A last minute budget negotiation late Friday pretty much ensures that New York will be the first state to offer 'tuition-free' public higher education to its entitled snowflakes. The $163 billion state budget agreement includes the Excelsior Scholarship, which covers tuition for any New Yorker accepted to one of the state’s community colleges or four-year universities, provided their family earns less than $125,000 a year.
Of course, for politicians, 'free' is just a nice way of saying they're about to jam more taxes down the throats of working Americans to cover the cost of services they may or may not use personally.
The scholarship program will be phased in over three years, beginning for New Yorkers making up to $100,000 annually in the fall of 2017, increasing to $110,000 in 2018, and reaching $125,000 in 2019. Nearly 1 million families will qualify for the scholarship.
It is a last-dollar program, meaning the state would cover any tuition left over after factoring in federal Pell Grants and New York’s Tuition Assistance Program. Students must be enrolled in college full time and take at least 30 course credits a year, though those facing hardships can pause and restart the program or take fewer credits.
As the Washington Post points out, the program is expected to cost New York taxpayers $163 million in its first year and, like all other entitlements, will only grow over time.
Proposed by Gov. Andrew M. Cuomo in January, the scholarship taps into one of the Democratic Party’s most popular ideas and advances a bipartisan movement to lower the cost of college that is taking shape across the country.
“Today, college is what high school was — it should always be an option even if you can’t afford it,” Cuomo said in a statement Saturday. “With this program, every child will have the opportunity that education provides.”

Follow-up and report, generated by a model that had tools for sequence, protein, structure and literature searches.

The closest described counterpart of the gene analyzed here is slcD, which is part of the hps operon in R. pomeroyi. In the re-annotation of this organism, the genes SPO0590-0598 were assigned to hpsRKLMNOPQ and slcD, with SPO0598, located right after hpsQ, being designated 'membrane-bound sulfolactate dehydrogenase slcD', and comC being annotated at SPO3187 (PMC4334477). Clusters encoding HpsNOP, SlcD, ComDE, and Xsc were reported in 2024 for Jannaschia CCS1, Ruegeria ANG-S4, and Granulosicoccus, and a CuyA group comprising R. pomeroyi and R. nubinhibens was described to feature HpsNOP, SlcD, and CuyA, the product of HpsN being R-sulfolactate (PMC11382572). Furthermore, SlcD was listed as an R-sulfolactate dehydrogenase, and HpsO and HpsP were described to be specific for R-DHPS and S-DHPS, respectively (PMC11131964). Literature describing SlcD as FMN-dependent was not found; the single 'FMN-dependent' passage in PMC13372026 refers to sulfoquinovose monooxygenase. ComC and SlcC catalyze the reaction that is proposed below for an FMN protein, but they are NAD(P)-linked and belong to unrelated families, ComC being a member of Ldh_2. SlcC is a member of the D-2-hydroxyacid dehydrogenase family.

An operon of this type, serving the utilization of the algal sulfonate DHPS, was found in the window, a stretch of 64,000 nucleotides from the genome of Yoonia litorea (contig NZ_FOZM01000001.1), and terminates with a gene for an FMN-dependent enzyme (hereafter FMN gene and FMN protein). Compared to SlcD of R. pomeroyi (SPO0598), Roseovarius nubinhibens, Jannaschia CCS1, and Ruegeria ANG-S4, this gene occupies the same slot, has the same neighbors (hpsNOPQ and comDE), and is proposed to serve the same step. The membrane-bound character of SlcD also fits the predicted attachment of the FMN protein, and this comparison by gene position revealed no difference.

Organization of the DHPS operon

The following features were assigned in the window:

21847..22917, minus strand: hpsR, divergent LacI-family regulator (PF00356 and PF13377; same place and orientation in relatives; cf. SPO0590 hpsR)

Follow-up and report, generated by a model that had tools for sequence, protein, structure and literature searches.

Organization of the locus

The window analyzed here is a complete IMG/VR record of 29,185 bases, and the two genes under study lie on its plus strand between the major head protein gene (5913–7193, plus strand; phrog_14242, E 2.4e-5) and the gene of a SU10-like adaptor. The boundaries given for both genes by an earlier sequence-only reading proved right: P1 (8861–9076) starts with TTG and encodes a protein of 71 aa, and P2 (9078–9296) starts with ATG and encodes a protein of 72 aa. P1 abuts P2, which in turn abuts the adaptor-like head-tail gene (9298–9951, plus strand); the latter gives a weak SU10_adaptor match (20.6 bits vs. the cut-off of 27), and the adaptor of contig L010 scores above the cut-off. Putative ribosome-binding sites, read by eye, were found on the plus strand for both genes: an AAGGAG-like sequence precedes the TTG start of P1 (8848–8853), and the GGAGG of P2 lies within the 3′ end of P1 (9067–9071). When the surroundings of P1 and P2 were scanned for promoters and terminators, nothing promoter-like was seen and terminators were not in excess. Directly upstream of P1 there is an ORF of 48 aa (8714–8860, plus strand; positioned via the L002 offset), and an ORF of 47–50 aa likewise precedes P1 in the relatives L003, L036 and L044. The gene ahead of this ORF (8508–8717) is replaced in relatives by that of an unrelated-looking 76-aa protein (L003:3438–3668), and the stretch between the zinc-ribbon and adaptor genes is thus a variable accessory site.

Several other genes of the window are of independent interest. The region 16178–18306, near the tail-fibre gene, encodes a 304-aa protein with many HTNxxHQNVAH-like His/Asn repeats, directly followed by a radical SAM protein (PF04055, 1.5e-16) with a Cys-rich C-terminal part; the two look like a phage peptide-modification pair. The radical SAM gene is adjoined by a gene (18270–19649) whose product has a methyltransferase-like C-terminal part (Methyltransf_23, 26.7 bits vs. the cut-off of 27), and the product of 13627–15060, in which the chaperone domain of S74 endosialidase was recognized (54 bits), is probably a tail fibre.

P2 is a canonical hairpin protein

Not much changed from the initial proposal, including the $163 million estimated cost for the first year of the program, though there were concessions to win over lawmakers. Award recipients attending community college now have to remain in New York for two years after graduation, while those at state universities must stay for four years. Private universities, whose leaders said the plan would undermine their schools, will see an increase in state tuition assistance funding.
Of course, the irony of the situation is that, like many misinformed liberal entitlement programs, throwing more money at U.S. universities only serves to exacerbate the underlying problem of bloated, out-of-control college budgets. But, on the bright side, America's snowflakes will have yet another pool of money on which they can rely to fund their hedonistic, binge-drinking filled spring break trips to Cancun.